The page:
When the thyroid is functioning properly, it absorbs the iodine found in many of the foods we eat and converts it into two kinds of hormones: T3 and T4. These two hormones are released into the bloodstream to control and monitor all the body’s metabolic processes. However, if the thyroid produces too much of these two hormones, a condition known as hyperthyroidism occurs. This means the body’s metabolism speeds up abnormally, which can lead to an increased heartbeat (or even heart palpitations), sweating, overheating, fatigue, swelling of the thyroid gland (goiter), hair loss, insomnia, and weight loss.
Hyperthyroidism usually occurs in people between the age of 20-40, as well as pregnant women or any individual undergoing a great deal of stress. One of the most common manifestations of this disorder is Grave’s disease, in which the pituitary gland — the “master” gland located at the base of the brain which controls all the other glands in the body — mistakenly instructs the thyroid to release too many T3 and T4 hormones. The opposite of this condition is of course hypothyroidism, wherein the thyroid does not produce enough of the hormones required to maintain a proper metabolic rate. Ironically, however, many of the symptoms are the same in both conditions.
Although weight loss may seem to be the obvious correlation of an overactive thyroid, recent studies have shown that despite an increased metabolism, many people suffering from hyperthyroidism have in fact actually gained significant amounts of weight, and continued to gain weight after they were treated. This is most likely due to the increased appetite that results from a faster metabolism, in addition to an inability to burn off the extra calories because of weakness, apathy and depression — three other symptoms associated with this disorder.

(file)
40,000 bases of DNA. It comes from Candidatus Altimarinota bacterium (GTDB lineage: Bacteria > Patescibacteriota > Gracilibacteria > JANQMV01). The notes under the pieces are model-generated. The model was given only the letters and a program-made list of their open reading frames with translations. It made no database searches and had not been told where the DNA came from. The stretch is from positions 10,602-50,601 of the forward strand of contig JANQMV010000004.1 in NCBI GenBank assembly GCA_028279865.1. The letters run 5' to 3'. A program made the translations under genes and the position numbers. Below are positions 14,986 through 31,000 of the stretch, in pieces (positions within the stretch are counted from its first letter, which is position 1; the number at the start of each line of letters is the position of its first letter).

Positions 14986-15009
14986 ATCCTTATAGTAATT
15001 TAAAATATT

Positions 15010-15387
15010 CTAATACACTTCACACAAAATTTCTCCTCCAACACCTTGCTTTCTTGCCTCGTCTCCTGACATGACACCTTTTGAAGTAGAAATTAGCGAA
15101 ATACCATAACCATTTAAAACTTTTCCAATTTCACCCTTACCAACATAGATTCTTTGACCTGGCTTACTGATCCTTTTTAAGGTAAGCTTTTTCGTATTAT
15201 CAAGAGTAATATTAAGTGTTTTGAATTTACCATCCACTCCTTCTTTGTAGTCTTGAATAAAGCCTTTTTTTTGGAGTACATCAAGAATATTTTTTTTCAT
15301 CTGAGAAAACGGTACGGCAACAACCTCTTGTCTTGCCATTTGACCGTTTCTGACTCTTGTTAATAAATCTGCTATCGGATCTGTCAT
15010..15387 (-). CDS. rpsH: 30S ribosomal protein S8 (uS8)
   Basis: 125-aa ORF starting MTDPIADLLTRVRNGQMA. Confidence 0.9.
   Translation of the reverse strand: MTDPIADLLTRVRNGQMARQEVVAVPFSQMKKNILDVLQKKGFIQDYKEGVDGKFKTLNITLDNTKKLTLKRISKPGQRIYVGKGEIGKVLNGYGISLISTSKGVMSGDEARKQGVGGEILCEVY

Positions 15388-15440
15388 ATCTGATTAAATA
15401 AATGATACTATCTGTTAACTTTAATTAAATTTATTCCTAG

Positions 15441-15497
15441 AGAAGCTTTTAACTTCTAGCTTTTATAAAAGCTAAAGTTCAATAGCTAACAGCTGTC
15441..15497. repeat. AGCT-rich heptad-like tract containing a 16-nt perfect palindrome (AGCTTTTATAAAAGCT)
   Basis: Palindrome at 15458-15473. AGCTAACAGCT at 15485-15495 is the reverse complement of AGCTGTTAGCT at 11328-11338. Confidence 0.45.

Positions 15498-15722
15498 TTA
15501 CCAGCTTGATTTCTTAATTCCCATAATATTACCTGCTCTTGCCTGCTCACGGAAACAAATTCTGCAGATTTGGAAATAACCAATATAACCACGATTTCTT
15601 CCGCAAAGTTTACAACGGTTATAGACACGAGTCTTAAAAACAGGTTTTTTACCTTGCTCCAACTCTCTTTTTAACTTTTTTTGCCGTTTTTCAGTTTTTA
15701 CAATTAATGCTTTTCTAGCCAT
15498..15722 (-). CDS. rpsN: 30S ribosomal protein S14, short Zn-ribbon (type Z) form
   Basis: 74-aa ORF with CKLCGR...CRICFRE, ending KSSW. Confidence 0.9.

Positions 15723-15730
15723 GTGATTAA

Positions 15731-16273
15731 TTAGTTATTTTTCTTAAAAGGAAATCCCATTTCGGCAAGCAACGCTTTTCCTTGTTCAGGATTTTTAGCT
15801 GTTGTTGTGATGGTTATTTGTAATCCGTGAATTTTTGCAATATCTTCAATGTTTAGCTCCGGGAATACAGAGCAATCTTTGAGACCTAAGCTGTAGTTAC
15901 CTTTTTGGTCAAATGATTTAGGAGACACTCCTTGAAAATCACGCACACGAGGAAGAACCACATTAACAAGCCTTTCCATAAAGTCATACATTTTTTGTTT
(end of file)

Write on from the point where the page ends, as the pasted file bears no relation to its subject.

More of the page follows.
Another possible explanation for the weight gain in an individual with hyperthyroidism could be that since the overabundance of T3 and T4 originally prevented the patient’s body from ever regulating itself, the individual can no longer properly monitor his or her caloric intake, even with normalized hormone levels. Making a concerted effort to maintain a proper diet and a strict exercise regimen can help alleviate some of the weight gain experienced by people with hyperthyroidism.
While treatment of hyperthyroidism might involve the use of drugs such as radioactive iodine (or other forms of medication designed to slow down the production of T3 and T4 by the thyroid), or even having part of the thyroid removed surgically, some nutritional experts recommend a diet high in Omega-3 fatty acids, vitamin C and calcium. Certain foods known to inhibit thyroid overproduction include cauliflower, beans, green leafy vegetables and soy. Herbs such as mother wort, turmeric and bugleweed have also been known to stabilize the thyroid gland, but of course one should always check with one’s health care practitioner before attempting to diagnose or especially to treat an ailment of this type of severity.
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